Everybody feels a sense of coming back to home while reading anything written by one’s favorite writer. And The Namesake ironically, is a novel about coming back to one’s home or more precisely , one’s roots. Having read it after The Lowland , Jhumpa Lahiri’s true to self description of the Bengali way of Life and of Kolkata, and how these two mingle and make thier way into the households Bengalis living in the States, was not a surprise. For example, how a package from homeland, after travelling thousands of miles can bear the smell still of the dominant spice of your mother’s kitchen. Jhumpa Lahiri , does not ever go straight into the life of the protagonist but goes on detailing the live of his or her family, as it is them who builds a self. But as the story goes on, and the namesake and its significance is revealed to us, the readers, it becomes evident that Ashoke was not only the person who gave Gogol his namesake, he was also the person who lent him his ”overcoat” through his life. This particular instrument which shapes the whole novel at the end is beautifully depicted in the movie adaptation of the book by Mira Nair. Gogo,l, from infancy till his thirties, did everything , he could to make his place and belong to a country he was born in , but always with a prevalent cry in the background from the two abodes of College Street and Alipore, calling him to be part of that life. The first sense of relating to the place where he was born took place with the dead people , in a graveyard.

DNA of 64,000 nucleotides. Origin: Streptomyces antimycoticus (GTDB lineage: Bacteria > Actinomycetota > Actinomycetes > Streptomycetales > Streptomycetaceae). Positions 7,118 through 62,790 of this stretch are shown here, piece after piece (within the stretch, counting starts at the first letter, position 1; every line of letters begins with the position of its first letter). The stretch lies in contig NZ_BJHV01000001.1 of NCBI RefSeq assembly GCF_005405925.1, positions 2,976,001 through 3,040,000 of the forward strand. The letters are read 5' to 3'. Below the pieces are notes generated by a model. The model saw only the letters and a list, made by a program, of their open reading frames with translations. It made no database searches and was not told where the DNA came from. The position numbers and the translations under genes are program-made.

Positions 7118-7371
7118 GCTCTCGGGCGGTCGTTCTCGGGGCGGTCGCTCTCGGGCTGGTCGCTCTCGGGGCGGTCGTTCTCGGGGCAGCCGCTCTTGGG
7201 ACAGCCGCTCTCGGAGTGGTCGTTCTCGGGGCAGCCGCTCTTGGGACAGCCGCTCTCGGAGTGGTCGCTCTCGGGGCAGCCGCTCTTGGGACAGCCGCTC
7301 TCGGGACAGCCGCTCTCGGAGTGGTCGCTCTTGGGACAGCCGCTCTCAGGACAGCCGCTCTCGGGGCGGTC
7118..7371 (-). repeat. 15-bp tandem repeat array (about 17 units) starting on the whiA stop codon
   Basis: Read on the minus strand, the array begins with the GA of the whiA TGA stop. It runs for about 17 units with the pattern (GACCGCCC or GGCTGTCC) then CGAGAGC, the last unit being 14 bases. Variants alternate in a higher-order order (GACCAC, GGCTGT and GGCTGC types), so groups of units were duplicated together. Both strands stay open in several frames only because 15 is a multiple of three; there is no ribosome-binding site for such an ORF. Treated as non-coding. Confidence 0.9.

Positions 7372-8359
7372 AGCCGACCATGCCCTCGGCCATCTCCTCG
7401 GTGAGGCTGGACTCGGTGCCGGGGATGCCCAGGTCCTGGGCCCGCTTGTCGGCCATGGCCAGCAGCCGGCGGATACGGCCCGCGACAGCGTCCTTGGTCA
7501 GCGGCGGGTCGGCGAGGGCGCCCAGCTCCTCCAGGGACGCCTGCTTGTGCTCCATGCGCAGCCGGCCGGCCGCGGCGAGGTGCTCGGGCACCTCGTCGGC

Coming back to the context of the movie, the only difference that mattered except the small ones like changing the name of Dimitri without any cause, is that, in the movie the relationship of Gogol’s parents as a married couple was not less forced than the one in the book.
The story is not about the several journeys made by Ashoke and Ashima to Kolkata but a journey of the protagonist’s slowly coming back to his roots rather than going far away from it as he was never actually there.